What is altitude sickness, "Soroche" or "Apunamiento"?...
The Puna is on average 3500 - 3700 meters above sea level. The atmosphere layers at these altitudes contains different percentages gases (oxygen, nitrogen, ozone etc). The human body copes with this new environment by, for example, breathing faster to provide more air into the lungs, and usually the heart rate increases in order to pump more blood and oxygen to the heart. All this may cause excitement and a sense of lack of oxygen. The height causes a substantial difference in air pressure. A person at sea level supports a column of air equal to a difference of approximately 4000 meters from the same person of the Puna. This decrease in pressure can sometimes cause nausea or fatigue and weak legs.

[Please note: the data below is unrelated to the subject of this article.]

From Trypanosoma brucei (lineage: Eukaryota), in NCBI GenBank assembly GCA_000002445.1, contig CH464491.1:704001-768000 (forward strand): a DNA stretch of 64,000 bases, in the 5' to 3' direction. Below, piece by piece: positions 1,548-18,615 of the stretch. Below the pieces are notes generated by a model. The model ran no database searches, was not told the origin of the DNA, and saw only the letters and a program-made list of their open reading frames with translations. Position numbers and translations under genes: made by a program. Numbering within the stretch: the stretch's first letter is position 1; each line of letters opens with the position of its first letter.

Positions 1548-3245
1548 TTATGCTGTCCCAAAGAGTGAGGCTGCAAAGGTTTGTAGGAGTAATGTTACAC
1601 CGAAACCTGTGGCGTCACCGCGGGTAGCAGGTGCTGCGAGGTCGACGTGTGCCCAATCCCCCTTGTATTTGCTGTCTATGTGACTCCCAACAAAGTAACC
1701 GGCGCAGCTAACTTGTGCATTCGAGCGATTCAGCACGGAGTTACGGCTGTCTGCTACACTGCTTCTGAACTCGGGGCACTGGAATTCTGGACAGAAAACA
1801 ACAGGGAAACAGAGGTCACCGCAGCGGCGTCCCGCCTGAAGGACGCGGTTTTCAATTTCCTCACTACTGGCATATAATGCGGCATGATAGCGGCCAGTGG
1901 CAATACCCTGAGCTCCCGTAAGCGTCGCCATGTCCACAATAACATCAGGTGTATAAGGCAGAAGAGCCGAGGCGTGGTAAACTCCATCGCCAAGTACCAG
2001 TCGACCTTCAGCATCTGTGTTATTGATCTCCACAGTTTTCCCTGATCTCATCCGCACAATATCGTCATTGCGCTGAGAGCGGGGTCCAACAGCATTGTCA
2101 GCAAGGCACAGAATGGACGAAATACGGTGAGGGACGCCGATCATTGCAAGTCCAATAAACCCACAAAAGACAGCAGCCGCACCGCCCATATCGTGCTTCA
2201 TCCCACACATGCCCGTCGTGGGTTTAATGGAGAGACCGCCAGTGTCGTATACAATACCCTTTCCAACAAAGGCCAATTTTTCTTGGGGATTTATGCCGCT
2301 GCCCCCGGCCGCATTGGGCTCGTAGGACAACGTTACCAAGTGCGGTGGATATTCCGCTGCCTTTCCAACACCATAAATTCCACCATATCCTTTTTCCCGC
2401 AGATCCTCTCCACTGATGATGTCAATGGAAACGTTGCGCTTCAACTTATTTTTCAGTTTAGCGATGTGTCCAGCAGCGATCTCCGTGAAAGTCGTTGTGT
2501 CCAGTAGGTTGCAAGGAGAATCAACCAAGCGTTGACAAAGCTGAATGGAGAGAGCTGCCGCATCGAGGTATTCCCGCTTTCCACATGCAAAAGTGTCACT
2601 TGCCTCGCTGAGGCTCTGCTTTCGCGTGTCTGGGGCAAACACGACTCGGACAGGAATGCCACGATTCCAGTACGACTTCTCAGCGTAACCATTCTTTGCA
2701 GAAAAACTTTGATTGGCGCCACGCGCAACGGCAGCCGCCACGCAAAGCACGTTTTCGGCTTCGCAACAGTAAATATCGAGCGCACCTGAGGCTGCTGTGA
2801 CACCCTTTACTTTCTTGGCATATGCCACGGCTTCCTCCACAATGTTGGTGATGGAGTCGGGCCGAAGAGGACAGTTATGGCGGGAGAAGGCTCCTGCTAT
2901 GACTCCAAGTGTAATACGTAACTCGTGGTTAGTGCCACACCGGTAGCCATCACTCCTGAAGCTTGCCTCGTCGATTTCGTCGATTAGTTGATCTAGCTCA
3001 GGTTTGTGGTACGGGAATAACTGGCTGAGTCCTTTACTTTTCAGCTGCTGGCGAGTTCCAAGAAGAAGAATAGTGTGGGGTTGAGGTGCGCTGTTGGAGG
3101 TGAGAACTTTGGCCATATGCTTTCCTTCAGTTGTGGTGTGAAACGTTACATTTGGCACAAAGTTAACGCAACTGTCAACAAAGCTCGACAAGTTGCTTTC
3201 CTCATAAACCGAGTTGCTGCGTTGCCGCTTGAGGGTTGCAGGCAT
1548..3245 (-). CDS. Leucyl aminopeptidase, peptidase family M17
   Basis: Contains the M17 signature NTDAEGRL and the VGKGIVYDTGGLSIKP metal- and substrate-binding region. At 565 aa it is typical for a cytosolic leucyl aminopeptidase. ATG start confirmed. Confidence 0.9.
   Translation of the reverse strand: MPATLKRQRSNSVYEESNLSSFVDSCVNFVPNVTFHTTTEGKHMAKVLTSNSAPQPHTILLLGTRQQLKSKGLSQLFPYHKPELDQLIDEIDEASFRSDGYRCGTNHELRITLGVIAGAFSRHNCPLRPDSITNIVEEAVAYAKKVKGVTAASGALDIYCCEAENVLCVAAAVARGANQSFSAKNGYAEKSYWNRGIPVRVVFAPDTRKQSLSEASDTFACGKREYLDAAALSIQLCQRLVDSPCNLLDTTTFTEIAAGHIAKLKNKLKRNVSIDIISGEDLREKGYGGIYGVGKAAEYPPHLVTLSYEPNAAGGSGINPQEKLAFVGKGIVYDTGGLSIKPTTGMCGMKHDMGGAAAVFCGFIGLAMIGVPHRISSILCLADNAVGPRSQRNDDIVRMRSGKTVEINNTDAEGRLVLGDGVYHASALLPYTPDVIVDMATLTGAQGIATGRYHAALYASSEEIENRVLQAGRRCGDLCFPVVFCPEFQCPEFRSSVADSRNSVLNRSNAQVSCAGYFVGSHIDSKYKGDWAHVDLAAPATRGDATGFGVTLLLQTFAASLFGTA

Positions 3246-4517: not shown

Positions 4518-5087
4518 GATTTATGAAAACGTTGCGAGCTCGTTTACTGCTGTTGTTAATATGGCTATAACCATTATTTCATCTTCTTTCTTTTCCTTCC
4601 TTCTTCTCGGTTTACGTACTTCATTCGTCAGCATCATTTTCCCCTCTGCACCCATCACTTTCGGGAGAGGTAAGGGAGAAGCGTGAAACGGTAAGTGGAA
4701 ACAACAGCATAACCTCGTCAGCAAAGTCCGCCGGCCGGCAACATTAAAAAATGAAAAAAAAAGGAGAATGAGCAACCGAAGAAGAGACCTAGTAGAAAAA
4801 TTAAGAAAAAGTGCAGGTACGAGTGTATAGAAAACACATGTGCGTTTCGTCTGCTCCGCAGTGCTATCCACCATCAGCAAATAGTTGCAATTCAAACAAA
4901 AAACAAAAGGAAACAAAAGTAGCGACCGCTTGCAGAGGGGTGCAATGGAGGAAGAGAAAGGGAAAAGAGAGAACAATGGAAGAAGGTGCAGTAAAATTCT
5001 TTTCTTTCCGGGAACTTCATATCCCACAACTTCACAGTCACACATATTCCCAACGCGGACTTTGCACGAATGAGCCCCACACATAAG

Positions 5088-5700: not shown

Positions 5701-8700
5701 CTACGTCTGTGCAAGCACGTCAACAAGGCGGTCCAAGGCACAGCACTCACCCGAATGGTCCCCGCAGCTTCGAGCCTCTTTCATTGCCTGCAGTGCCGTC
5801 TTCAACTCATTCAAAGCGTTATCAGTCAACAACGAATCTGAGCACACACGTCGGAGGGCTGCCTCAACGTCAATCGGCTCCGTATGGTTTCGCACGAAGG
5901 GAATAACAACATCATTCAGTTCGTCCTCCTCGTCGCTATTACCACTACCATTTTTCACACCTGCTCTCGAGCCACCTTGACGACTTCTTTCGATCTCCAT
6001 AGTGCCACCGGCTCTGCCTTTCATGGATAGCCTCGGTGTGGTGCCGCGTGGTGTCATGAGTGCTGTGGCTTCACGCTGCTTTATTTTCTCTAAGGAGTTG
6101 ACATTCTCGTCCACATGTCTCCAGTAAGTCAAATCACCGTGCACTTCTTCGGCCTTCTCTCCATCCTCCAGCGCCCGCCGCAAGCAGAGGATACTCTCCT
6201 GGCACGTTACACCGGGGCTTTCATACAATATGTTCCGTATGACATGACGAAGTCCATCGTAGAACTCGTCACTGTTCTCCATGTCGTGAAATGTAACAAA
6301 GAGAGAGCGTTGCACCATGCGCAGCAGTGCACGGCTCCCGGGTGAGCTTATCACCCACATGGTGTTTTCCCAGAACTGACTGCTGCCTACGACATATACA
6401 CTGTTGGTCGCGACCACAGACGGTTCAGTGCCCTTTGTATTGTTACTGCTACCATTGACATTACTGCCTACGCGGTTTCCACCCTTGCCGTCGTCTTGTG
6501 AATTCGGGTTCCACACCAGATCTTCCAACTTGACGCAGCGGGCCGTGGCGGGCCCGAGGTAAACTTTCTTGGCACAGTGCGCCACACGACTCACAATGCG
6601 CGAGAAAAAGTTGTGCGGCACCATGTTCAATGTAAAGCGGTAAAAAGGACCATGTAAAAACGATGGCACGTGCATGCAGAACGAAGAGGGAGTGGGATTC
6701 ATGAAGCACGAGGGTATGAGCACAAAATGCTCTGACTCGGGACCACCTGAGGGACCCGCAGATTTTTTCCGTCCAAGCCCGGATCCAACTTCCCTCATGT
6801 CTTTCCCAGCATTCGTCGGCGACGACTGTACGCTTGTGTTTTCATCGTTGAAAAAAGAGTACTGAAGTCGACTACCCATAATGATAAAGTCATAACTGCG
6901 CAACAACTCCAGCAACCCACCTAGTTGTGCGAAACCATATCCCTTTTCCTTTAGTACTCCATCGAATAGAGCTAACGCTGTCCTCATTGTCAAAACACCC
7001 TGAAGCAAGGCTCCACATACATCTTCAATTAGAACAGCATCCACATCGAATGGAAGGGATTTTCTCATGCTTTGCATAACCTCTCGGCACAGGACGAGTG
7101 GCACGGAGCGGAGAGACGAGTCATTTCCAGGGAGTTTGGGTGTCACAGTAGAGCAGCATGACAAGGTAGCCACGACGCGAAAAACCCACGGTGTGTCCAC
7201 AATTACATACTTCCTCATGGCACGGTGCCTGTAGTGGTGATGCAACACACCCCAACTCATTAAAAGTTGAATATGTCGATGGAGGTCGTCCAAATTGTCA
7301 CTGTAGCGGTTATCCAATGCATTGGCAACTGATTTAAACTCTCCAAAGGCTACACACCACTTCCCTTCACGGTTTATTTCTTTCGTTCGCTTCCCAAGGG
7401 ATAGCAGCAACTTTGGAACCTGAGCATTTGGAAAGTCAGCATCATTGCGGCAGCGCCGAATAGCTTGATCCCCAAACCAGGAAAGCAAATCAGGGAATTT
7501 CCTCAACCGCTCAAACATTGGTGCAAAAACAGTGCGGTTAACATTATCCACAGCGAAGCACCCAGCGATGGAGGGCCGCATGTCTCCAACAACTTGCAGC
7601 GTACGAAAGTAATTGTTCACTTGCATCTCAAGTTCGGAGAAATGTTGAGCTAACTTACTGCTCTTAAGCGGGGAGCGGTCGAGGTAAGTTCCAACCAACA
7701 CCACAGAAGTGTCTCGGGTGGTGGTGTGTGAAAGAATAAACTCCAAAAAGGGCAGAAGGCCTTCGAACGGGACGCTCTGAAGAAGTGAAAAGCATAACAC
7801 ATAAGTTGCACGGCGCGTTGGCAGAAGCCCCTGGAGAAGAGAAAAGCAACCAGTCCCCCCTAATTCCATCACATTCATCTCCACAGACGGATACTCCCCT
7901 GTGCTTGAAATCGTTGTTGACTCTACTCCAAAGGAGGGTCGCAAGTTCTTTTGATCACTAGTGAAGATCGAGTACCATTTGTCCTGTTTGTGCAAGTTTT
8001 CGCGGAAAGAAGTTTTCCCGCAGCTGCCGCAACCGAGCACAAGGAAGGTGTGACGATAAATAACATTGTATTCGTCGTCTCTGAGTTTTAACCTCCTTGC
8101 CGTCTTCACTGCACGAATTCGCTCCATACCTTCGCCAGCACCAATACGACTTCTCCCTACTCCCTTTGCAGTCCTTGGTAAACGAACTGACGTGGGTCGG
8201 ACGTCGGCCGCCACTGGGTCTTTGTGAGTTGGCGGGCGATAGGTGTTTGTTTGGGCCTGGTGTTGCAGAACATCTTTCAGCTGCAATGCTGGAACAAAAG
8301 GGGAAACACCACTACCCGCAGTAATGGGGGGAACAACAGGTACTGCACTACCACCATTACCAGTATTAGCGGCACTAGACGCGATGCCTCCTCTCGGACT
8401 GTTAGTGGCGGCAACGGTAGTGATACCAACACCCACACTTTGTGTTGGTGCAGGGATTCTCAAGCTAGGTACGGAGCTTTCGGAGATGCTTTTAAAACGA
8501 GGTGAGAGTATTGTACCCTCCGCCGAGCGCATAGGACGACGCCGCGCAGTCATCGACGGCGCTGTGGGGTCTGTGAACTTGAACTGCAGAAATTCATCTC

If you travel along the Andean slopes it is easy to encounter lots of curves at a high altitude. Particularly in the first day or days of the trip you need to take these tours/trips at low speed and with a few stops, for better acclimatization to altitude and not to suffer from altitude sickness while in the car.
Doing this we find that the tight curves of mountain paths don´t affect the sensitive organ of sight, which quickly and constantly changes benchmarks. When this does not happen it affects the optic nerve transmission to the optical center in the brain near the neck, which gives you a headache (near the neck) and dizziness.
Source: La Puna Argentina, Ricardo N. Alonso